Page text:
Twitch promises to do more despite being blasted by major music business groups for turning a blind eye to the usage of unlicensed songs on its service and irritating and confusing Twitch producers for removing their copyright infringement images.
Twitch told streamers in a long blog post on Wednesday that they must avoid playing recorded music on their streams (unless it's officially licensed) in what appears to be their first formal clarification on the subject.
"If you haven't already, you should review your historical VODs and Clips that may have music in them and delete any archives that might," the company added.
Twitch vs. DCMA: What's brewing?
The live-streaming website operated by Amazon has reported that it is actively talking to the major record labels regarding potential alternatives to additional licenses suitable for the Twitch program.
The company also stated that the "existing licensing constructs" that record labels have with other platforms usually reducing revenue from producers for payment to other services.
"We're open-minded to new structures that could work for Twitch's unique service, but we must be clear that they may take some time to materialize or may never happen at all," the company said in the blog.
The song-copyright communiqué of Twitch arrives after many large U.S. music associations sent a letter to Amazon CEO Jeff Bezos last month (copying Emmet Shear's CEO of Twitch). Among other items, the letter accused Twitch of allowing its streamers to use the respective representatives' music without consent, in breach of Twitch's music guidelines.
Twitch said the music industry's ban on unlicensed music on its service had taken it off balance. According to the organization, reps for music publishers started receiving thousands of copyright-takedown notices from the Digital Millennium Copyright Act (DMCA) beginning this May directed at cached material from consumers, "usually for snippets of tracks in years-old clips." Before then, Twitch added, it got less than 50 DMCA updates a year relevant to music.
It examined DMCA notifications obtained from the end of May through mid-October, Twitch said, and noticed that more than 99 percent of them were for tracks played in the context of their stream by streamers.
"We were as surprised by this sudden avalanche of notifications as many of you were," Twitch said in the post. "We also realized that we needed to provide streamers with more educational programs and content management tools to help you deal with this unprecedented number of notifications coming in all at once," it added.
Twitch apologized for the issue
Twitch apologized to creators for the anxiety created by the DMCA takedowns, noting that an alert email was sent to several entities last month regarding the videos removed from their profiles.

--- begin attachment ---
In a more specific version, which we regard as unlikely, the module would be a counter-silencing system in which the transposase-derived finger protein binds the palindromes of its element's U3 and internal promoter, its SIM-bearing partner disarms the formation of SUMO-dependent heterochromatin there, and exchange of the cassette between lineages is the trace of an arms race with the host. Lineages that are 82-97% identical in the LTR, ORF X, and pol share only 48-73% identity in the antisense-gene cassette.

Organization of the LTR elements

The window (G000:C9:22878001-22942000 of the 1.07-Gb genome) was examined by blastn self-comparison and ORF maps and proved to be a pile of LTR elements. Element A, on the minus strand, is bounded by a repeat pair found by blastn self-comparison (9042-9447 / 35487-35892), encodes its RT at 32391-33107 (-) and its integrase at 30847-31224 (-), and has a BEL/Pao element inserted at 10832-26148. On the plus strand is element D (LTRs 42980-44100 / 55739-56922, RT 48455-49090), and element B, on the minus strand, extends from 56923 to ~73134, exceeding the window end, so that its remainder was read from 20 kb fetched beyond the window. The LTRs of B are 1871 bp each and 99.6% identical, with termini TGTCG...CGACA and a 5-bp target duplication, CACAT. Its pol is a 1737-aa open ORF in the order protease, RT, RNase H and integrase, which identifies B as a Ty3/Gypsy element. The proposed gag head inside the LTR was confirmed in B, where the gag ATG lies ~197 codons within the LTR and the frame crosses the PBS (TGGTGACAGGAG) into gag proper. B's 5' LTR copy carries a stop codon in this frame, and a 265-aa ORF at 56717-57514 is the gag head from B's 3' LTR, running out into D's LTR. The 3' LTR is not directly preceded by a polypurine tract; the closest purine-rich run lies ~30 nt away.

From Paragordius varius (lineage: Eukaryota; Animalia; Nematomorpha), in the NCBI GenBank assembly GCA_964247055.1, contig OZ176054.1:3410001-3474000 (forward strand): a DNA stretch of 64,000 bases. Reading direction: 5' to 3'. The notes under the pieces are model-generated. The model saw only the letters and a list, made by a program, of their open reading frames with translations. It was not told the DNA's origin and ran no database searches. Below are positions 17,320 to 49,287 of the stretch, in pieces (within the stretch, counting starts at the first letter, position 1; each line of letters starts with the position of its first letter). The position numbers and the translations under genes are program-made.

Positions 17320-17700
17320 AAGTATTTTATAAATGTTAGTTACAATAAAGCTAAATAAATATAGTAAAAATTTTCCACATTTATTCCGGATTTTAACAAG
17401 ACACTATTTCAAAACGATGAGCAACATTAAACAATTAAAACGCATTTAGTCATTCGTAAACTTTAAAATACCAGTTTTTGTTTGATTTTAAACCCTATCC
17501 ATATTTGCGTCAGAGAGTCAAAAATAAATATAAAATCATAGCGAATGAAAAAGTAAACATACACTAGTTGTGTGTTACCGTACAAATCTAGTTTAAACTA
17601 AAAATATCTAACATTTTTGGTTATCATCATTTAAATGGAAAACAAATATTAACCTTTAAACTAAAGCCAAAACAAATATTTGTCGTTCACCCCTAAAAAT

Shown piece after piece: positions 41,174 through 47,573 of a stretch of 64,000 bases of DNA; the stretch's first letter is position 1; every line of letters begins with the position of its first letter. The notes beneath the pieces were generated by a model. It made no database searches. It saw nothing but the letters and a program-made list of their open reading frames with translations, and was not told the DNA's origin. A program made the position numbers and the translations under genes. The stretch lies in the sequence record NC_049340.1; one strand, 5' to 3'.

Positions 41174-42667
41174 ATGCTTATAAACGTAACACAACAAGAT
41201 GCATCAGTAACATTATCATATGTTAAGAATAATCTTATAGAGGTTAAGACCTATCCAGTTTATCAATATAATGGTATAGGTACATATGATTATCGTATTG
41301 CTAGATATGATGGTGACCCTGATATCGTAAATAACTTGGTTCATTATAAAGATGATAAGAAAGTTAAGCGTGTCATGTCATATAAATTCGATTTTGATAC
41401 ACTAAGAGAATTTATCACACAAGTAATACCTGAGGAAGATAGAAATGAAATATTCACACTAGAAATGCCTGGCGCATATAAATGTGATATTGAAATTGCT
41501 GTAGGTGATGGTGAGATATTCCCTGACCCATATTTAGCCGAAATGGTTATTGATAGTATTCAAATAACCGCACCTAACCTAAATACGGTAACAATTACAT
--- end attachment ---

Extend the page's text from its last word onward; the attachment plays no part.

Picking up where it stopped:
Currently, Twitch said in the same blog post it focuses on creating more user-friendly apps to help creators handle videos easier and have "as we pursue all possibilities" approved music options.
For now, Twitch said that "completely licensed" alternatives such as Soundtrack by Twitch can be used for consumers. That doesn't contain songs from big labels, though. In addition, the music organizations complained that" Twitch's prominent role is that its Soundtrack tool demands neither synch nor mechanical licenses. Meanwhile, Twitch says live streamers can also use rights-cleared music libraries such as Soundstripe, Monstercat Gold, Chillhop, Epidemic Sound, and NCS.
Your frustration and confusion with recent music-related copyright issues is completely justified. Things can–and should–be better for creators than they have been recently. The next few tweets will outline our plan for being better partners to creators. https://t.co/Ebk1rFlBOM pic.twitter.com/fiFitaZgD5 — Twitch (@Twitch) November 11, 2020
Twitch stated it would extend the usage of technologies to identify copyrighted audio, as well as offer more granular options for creators to handle your collection rather than only a 'delete anything' option.
Twitch has agreed to provide more comprehensive details in DMCA takedown notices. They will also give the creators easier ways to contest infringement allegations, whether they think they have fair use protection or have permission.
With the deluge of DMCA alerts linked to music, Twitch said it has momentarily paused, implementing strikes against writers' profiles.
This article is owned by Tech Times
Written by Tiziana Celine